Honestly, if you didn't have any questions or concerns about your dd's school work, and you felt that she was doing well, and the teacher states she's doing well, then I'd probably skip the conference. If you have any concerns at all though, I'd absolutely go. The email does seem a little odd, however having been to numerous conferences for my kids, I do agree, that really they're kinda just a waste of time, unless you have concerns/issues. It's hard for some parents to take off work etc., so unless she gives you some other reason to think otherwise, I'd give her the benefit of the doubt and assume she's doing it with the best of intentions.
This. I had basically typed out the same thing as above. Unless there are certain things that YOU want to go over, I would probably skip too.
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Old 10-12-2012, 04:52 AM   #23
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If I did not have any specific concerns, I would email a thanks to the teacher with a reminder that she could contact me at ANY time if any type of concern at all ever cropped up and thanking her not taking up my time otherwise, and take the time I would have spend getting to school, waiting my turn, and at the conference to take my kid out for an ice cream instead
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Old 10-12-2012, 05:38 AM   #24
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I would thank that teacher and happily not go and have to take an entire day off from work to hear that my daughter is doing great. I can hear that on the phone! Its not like I didn't know all the teachers in grade school anyway, you see and talk to them at school events etc so I was familiar with them all anyway, I would be happy not to have to go sit there for no reason! I take a day off work and walk in and sit down and the teacher says "I really don't have anything to discuss, your daughter is doing great, straight A's, no problems with anything or anyone in class"......great, that was a fine use of one of my few personal days off from work LOL....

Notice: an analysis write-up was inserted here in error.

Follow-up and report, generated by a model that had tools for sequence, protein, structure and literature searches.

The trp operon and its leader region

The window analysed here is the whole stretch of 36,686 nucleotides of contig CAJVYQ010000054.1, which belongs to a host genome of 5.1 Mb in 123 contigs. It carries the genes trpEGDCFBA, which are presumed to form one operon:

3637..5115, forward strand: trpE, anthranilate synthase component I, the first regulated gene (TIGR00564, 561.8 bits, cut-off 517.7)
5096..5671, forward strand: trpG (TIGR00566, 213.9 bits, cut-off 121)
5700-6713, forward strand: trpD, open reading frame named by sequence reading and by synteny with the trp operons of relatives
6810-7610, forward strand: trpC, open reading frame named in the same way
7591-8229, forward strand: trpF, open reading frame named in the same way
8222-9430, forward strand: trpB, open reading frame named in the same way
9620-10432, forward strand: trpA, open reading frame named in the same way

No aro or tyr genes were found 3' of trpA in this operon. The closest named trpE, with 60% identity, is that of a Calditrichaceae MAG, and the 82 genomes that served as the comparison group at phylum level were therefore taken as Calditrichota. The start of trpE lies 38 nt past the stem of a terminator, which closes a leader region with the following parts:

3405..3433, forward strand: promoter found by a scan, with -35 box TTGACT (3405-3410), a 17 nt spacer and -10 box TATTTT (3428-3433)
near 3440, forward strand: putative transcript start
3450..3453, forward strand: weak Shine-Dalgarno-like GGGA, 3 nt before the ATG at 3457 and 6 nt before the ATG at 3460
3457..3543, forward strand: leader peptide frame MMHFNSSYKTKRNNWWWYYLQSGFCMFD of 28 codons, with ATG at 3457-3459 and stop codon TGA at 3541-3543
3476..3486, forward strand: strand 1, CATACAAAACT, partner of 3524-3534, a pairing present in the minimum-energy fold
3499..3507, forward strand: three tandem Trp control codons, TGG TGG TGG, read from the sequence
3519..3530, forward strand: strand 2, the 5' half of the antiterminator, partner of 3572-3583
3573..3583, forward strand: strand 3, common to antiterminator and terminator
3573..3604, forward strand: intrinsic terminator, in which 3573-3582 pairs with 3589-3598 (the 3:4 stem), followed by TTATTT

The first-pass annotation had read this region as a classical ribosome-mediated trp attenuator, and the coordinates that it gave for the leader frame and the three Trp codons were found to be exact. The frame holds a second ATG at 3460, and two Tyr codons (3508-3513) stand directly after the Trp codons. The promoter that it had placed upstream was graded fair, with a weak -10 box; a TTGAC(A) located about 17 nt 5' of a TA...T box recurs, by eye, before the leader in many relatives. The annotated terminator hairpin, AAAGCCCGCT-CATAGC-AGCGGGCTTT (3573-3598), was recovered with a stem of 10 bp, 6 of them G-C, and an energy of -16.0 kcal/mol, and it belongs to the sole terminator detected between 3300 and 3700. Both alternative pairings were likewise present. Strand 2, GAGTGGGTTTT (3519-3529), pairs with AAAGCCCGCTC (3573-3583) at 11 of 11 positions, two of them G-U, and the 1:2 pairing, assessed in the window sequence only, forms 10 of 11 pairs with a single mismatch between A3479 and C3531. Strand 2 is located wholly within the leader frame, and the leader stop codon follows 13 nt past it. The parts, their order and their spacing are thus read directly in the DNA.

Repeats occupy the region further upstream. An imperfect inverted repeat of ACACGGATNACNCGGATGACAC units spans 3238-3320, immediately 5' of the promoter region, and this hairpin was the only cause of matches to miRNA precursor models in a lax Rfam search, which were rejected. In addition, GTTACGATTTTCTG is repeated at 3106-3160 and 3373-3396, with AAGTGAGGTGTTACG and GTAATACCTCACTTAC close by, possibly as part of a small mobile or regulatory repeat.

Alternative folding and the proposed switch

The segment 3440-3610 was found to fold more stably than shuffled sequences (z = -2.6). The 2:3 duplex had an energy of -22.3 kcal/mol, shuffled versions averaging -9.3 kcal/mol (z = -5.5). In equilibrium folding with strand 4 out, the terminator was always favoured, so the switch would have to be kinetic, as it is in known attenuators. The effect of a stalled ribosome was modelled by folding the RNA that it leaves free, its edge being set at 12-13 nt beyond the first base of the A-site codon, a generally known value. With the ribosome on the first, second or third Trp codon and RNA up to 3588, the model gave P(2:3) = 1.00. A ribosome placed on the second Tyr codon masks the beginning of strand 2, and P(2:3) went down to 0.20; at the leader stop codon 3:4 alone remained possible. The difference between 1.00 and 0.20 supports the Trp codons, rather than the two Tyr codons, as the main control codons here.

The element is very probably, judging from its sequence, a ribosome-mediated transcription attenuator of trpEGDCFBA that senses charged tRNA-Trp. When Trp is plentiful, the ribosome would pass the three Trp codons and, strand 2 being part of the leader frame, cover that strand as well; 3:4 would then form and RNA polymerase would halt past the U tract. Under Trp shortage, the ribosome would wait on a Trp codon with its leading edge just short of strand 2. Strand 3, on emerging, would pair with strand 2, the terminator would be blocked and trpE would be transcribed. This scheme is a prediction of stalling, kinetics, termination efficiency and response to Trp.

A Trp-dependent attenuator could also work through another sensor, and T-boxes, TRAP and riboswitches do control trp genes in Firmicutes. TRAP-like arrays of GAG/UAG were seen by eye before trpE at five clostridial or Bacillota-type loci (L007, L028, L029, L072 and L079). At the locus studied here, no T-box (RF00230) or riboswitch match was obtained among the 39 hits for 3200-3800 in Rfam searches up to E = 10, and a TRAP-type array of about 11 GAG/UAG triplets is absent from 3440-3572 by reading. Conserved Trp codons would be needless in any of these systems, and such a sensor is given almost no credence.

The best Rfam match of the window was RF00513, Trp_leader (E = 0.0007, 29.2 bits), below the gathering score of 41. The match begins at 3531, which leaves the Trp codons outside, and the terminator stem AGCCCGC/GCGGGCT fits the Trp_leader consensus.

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If things are going well, then why mess with it. When dd14 was in 7th and 8th grades, they did student led conferences and the techers would be around but your kid showed you their work and had a list of if anything was missing etc. Now dd14 is in high school,if they are doing good and are behavingetc,there is no conference requested by the teachers. Now if things aren't going well the teacher will request a conference.